During a recent military flight from Afghanistan, where he supervises educational programs for U.S. troops, Paul Lovello was reminded that war is never far from the classroom. The manifest included five passengers and two caskets containing combat dead.
Travel by helicopter or convoy from his Kandahar headquarters to forward bases during his six-month civilian assignment was never without worry, either. The vehicles sometimes drew fire, though "nothing came that close," he said.
"There are a lot of bad guys; not everybody wants us there," he added.
Afghanistan is far different from Canisius High School, where he briefly was registrar before joining the Defense Department in 1976. But Lovello, 55, who came home last month to visit his mother, Frances, said the career change -- despite the danger -- has been worthwhile.
He oversees a little-publicized continuing-education program that allows Army troops stationed overseas to pursue college degrees. Classroom instruction is provided by American universities and colleges under contract to the government.
Satellites and computers present opportunities.
"We also offer a lot of distance learning," said Lovello, who soon will return to Kandahar for another six months of 12-hour days, seven days a week. "The Internet is a great equalizer."
Even a combat zone can be a good place to learn, he said.
"It's a captive audience, but if soldiers put their mind to it they can get a lot done," he said. "Some of them have a better chance to further their education than they would back in the states."
The course work, which ranges from liberal arts to general education, criminal justice, business and computer studies, can advance a soldier's Army career because college credits are worth promotion points. And it can provide a head start for those who eventually leave the service to enter civilian careers.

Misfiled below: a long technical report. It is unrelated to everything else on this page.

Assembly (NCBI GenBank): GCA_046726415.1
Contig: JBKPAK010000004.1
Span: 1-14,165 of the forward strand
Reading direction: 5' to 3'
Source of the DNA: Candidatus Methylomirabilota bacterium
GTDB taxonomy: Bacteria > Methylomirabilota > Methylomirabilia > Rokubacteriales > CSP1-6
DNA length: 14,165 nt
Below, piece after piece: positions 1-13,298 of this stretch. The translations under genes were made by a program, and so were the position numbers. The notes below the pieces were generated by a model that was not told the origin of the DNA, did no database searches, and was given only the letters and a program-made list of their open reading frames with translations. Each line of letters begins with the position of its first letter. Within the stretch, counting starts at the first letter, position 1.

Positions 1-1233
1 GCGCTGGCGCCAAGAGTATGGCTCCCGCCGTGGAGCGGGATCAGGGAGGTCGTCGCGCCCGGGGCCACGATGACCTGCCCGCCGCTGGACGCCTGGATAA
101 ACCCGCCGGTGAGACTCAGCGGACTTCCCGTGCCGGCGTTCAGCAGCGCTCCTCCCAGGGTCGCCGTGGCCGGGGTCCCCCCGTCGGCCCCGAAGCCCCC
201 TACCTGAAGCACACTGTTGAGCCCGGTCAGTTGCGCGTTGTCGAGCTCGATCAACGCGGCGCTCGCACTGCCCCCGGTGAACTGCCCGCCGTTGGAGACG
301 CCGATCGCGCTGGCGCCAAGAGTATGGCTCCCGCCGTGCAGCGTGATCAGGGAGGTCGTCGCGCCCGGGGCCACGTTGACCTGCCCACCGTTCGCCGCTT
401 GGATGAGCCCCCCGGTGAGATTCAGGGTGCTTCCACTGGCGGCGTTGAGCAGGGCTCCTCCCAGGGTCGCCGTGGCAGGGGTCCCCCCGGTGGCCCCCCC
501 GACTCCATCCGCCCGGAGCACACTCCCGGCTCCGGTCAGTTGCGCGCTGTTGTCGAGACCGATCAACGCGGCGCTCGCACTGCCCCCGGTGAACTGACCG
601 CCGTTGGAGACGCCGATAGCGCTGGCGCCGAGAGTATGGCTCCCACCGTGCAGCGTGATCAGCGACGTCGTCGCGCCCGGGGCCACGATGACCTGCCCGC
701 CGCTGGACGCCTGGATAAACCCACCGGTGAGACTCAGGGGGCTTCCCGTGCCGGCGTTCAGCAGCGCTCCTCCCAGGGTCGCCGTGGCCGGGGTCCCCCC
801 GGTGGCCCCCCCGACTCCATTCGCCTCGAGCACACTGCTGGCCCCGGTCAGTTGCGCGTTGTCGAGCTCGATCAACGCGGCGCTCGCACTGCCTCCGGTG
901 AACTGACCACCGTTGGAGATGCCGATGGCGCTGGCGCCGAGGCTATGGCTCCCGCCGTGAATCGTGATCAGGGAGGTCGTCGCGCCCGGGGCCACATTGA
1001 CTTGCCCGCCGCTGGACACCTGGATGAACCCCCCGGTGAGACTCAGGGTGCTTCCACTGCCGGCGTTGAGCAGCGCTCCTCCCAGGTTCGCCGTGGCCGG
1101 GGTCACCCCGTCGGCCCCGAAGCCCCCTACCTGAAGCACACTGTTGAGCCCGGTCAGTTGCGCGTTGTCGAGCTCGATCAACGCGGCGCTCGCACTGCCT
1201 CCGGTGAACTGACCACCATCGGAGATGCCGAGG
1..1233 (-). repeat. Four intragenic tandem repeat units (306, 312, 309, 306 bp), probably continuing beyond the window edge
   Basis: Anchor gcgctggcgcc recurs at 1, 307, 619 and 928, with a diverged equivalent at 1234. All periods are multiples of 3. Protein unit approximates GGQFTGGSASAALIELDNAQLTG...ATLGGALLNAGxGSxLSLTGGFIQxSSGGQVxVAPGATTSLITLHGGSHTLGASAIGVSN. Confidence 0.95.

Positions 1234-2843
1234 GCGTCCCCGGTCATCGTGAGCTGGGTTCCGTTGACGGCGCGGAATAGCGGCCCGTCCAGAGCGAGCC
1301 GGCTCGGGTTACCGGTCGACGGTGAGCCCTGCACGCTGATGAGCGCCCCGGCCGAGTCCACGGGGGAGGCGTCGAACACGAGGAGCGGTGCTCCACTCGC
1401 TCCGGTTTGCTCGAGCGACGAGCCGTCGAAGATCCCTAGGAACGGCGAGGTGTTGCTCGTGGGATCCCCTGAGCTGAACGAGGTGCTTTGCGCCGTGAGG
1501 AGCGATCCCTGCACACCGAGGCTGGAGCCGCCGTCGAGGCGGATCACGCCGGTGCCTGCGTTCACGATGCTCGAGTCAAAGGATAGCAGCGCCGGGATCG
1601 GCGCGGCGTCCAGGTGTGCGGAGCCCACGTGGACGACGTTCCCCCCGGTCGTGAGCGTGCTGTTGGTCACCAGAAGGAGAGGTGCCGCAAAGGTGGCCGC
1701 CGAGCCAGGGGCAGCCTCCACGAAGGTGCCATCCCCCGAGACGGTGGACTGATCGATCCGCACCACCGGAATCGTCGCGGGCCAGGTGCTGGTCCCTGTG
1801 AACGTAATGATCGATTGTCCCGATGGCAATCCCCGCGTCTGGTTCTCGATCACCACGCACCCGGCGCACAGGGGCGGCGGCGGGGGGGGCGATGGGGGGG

"These are young kids putting their lives on the line; it's great for morale, and they are tremendously appreciative. So it's extremely rewarding work for me," said Lovello, who graduated from Bishop Fallon High School and holds degrees from the University at Buffalo and Canisius College.
The job pays well, and the travel involved "is the best thing that ever happened," Lovello said.
For the first seven years of his 28-year defense career, he and his wife, the former Mary Burdick, lived in Germany. They were in Italy for 10 years before returning to the United States, where they have lived since 1996 in El Paso, Texas, near Lovello's office at Fort Bliss. Along the way, they raised three sons, all now in their 20s.
Lovello, who ran educational programs for members of the armed forces in Bosnia and Kosovo in the 1990s, said he is "not a political guy."
But he believes Afghans, particularly women, have benefited from the U.S. presence.
"From what I've seen, life is certainly better for people," he said.
"What we're trying to do there -- provide a better environment for them -- is admirable. I think all of us hope we leave the country in better condition than when we came."